Virgil Earp
Historical Figure
Nationality: United States
Date of Birth: 1843
Date of Death: 1905
Cause of Death: Pneumonia
Occupation: Soldier, law enforcement officer, gambler, miner, saloon-keeper
Parents: Nicholas Earp,
Virginia Cooksey
Spouse: Nellie Jane Earp;
Rossella Dragoo;
Allie Sullivan
Children: Nellie
Relatives: Wyatt, Morgan, James, Warren (brothers)
Professional Affiliations: US Marshals
Military Branch: Union

Army (American Civil War)

Fictional Appearances:
Southern Victory
POD: September 10, 1862
Appearance(s): How Few Remain
Type of Appearance: Direct
Military Branch: Union Army (War of Secession)
Tombstone Rangers (Second Mexican War)

Virgil Walter Earp (July 18, 1843 – October 19, 1905) was the older brother of Wyatt Earp, and participated in the storied October 26, 1881 "Gunfight at the O.K. Corral" in the town of Tombstone, Arizona Territory. In December 1881, a gunshot wound from an unknown assailant cost him the use of his left arm.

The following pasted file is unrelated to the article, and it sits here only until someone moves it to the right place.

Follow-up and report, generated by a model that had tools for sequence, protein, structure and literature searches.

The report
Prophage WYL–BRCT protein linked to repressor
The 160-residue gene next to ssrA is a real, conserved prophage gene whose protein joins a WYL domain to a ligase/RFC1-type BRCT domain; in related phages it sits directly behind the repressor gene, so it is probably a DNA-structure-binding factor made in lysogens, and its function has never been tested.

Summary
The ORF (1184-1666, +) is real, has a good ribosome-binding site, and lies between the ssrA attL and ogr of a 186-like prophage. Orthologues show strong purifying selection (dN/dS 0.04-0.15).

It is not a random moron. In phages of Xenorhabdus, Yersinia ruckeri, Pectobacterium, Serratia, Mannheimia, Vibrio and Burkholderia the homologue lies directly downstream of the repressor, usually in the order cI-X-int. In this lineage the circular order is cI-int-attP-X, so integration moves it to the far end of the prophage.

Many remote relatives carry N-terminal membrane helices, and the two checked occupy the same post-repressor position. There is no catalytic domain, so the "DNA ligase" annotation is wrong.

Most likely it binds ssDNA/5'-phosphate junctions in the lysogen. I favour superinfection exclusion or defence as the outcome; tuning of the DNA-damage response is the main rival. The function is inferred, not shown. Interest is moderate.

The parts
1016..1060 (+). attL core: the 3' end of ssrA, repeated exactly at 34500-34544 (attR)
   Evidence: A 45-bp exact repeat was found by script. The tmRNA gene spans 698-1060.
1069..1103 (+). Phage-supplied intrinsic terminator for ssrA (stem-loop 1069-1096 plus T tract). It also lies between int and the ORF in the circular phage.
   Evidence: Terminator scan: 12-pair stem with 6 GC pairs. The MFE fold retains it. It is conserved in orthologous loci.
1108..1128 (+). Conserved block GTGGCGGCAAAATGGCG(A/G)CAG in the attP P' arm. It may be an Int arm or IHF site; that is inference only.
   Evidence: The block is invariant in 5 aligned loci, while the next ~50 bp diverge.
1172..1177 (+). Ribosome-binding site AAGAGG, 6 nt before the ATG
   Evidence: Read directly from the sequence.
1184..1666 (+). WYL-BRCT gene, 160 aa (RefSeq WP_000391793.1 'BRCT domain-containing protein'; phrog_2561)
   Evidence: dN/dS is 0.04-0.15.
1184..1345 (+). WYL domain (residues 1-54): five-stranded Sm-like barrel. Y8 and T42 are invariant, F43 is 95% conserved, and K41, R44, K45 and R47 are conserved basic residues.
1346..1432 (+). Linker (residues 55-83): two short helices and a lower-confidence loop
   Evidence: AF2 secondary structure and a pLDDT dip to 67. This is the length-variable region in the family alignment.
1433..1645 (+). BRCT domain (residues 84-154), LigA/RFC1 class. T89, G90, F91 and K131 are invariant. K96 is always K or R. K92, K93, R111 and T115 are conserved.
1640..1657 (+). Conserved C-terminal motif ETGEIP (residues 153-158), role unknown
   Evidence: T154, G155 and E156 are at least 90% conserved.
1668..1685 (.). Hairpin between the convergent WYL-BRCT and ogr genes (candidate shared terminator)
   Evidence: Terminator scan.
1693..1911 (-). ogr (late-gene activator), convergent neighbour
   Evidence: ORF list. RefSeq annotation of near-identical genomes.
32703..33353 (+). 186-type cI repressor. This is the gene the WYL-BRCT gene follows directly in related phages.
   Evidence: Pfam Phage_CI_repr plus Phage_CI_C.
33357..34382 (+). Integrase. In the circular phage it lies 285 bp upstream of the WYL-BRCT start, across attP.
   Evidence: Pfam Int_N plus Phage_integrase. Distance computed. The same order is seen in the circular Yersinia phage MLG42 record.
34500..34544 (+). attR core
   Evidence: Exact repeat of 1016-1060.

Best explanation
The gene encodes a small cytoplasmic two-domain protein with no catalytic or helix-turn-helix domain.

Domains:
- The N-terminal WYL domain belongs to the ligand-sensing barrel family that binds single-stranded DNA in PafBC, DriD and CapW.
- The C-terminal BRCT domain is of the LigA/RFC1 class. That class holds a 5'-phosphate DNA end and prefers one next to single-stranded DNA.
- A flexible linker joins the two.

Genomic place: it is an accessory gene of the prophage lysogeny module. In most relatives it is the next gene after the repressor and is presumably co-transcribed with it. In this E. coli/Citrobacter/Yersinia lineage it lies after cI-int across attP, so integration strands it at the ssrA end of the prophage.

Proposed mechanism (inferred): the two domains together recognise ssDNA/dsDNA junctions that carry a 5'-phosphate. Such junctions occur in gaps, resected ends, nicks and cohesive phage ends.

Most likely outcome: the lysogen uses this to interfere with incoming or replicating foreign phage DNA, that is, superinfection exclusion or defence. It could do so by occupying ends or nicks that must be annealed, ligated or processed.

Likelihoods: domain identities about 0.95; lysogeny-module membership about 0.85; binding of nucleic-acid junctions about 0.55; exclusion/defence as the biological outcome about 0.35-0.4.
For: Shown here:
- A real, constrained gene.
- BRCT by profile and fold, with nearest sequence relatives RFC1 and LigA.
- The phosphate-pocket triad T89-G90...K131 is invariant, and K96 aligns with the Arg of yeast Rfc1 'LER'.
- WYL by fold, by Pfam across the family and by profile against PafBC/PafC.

He spent most his life in law enforcement, but he did try his hand at a variety of careers. He served with the United States Army during the American Civil War.

Virgil Earp in Southern Victory[]

Virgil Earp had been just 18 years old when he enlisted in the Union Army when the War of Secession began in 1861. After the war ended, Virgil left the army and tried his hand at civilian life. In the late 1870s, he headed west to the New Mexico Territory. Although Virgil tried to convince his brother Wyatt to come with him, he ultimately failed.

When the Second Mexican War began in 1881, Virgil Earp rejoined the army, receiving the rank of brevet colonel and was placed in command of a volunteer cavalry regiment, in the New Mexico Territory. His participation in the war was short-lived, as he convinced his commanding officer, Colonel Peter Hains, to follow him and his regiment into a Confederate-Apache trap. In the ensuing battle, the combined militia and cavalry force was destroyed. Earp's horse was killed and landed on him, pinning his leg and possibly crippling him for life. After the battle was over, Confederate commander Jeb Stuart personally interrogated Earp. Although beaten and humiliated, Earp had the last laugh when he reminded Stuart that the Apaches were the CSA's problem now.[1]


  1. How Few Remain, pg. 284-285.